This passage has been the subject of no small controversy in recent centuries. I don’t intend to solve it all with a brief blog post. But I would like to make a few comments on the use of καί and its implications for the possible interpretations. A friend asked me a question about it, so I figured I’d take the opportunity to put some theology on a blog that is supposed to be about theology!
There are three functions of καί that are possible candidates for this text. They follow in order of grammatical likelihood (i.e., not giving considering to contextual or theological factors).
The most basic meaning of καί is and—a coordinating conjunction that joins two or more distinct items. While this is the most likely meaning from a grammatical perspective, contextually, this is absolutely impossible. Paul pronounces peace and mercy on those who walk in accordance with his rule (κανών)—that Gentiles are equal to and on the same plain as Jews and that the former need not submit to circumcision, et al. in order to be right with God and be part of God’s covenant people. Verse 15 is a summary statement for the argument of the book. Ιt is absolutely inconceivable that Paul would be pronouncing a blessing on two distinct groups of people: those who obey his instructions and the Jews (who don’t obey them—the necessary implication if καί means and). Oddly enough, Paul Benware defends the meaning of and here in a very befuddled argument (see Understanding End Times Prophecy, 87-89). O. Palmer Robertson obliterates this view in his The Israel of God, 40ff.
The next most likely possibility for καί is the meaning even. In this sense, καί functions to introduce an appositive and is semantically equivalent to “that is.” Paul would be pronouncing a blessing on all those who obey his instruction, that is, the (true) Israel of God. This position has the most arguments in its favor. (1) It’s the more probable of the two viable functions of καί. (2) Paul’s argument and specific references in Galatians fit perfectly with this conclusion. (3) Paul’s theology elsewhere supports this. And (4) the broader theology of the NT makes this the most natural and probably meaning.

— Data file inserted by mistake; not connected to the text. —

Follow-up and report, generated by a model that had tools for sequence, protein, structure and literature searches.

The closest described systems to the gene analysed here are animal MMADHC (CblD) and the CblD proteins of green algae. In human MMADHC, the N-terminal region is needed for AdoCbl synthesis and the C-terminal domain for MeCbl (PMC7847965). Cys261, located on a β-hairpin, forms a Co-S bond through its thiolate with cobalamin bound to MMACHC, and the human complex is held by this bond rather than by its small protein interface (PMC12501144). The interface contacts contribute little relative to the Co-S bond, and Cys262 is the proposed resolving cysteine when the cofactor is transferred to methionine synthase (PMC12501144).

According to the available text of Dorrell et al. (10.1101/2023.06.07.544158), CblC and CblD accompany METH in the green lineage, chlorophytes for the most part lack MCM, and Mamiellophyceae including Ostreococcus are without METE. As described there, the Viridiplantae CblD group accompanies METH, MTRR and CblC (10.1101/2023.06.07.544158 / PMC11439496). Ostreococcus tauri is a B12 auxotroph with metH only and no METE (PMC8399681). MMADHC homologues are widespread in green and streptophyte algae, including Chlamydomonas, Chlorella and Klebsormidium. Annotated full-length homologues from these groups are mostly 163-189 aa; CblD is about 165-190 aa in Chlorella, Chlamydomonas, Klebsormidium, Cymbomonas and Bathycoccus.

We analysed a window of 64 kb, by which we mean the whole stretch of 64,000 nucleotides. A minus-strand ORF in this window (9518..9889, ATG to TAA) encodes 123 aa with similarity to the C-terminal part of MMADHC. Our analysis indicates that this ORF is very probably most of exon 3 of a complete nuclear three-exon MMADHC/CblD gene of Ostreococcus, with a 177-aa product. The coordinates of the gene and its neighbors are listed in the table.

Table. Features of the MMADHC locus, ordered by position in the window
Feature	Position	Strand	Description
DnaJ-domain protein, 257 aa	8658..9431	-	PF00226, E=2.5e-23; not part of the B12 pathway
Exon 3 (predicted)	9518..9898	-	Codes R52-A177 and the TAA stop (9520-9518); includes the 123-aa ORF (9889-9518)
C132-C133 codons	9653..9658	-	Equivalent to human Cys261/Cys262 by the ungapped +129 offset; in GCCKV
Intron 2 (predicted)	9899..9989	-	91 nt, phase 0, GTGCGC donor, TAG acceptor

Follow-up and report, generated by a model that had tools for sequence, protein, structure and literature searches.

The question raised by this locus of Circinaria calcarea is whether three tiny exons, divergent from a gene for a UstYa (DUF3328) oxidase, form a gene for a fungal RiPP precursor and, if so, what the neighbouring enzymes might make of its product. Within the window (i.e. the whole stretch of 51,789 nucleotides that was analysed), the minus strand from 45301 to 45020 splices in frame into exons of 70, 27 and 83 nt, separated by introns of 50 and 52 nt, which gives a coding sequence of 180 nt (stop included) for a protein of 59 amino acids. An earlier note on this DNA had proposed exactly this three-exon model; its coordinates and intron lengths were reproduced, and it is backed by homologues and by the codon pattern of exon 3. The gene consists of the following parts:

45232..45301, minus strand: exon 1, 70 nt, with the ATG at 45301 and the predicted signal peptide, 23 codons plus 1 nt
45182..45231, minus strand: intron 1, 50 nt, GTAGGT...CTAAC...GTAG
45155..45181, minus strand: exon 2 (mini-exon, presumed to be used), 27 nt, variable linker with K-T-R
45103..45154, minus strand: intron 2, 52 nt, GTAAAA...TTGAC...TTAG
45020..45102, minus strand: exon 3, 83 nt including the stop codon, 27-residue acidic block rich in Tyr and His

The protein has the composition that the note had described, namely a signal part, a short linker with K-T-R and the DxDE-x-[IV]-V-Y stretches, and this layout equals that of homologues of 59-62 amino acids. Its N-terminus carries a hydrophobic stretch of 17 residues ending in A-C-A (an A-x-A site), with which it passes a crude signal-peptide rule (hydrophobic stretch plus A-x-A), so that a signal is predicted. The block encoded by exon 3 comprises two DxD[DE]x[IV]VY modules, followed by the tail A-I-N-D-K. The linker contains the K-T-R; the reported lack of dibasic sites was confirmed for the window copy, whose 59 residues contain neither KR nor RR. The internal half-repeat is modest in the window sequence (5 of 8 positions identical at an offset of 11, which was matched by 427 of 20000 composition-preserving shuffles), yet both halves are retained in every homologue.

There is a third possibility here, which, unfortunately, O. Palmer Robertson doesn’t acknowledge or interact with. The function of καί could be especially. This is rare, but there are some examples where this seems to be the only possible function of καί. I came across one several months ago during my daily reading in the Greek New Testament (which has been put on hold until I finish my dissertation). In Mat 8:33, we read this: “The herdsmen fled, and going into the city they told everything, especially [καὶ] what had happened to the demon-possessed men.” The second component is clearly a subset of the first. Interestingly, this is the only place in the NT where the ESV translates καί as especially. (I found that out by using the data from Logos’s new ESV Greek-English Reverse Interlinear New Testament.) BDAG lists two NT passages and two LXX passages that support this meaning (see 1aγ). So I believe that it’s possible from a grammatical standpoint that Paul is addressing two groups: the first being all those who follow his rule and the second being a subset of the first group, namely, the ethnic Jews within that group who follow his rule. However, when the argument of the letter and the broader theology of Paul and the NT are brought into consideration, this view becomes improbable at best.
Note: There are a couple factors that I was unaware of and thus overlooked with reference to view #1. See my follow-up post for my improved (hopefully!) analysis.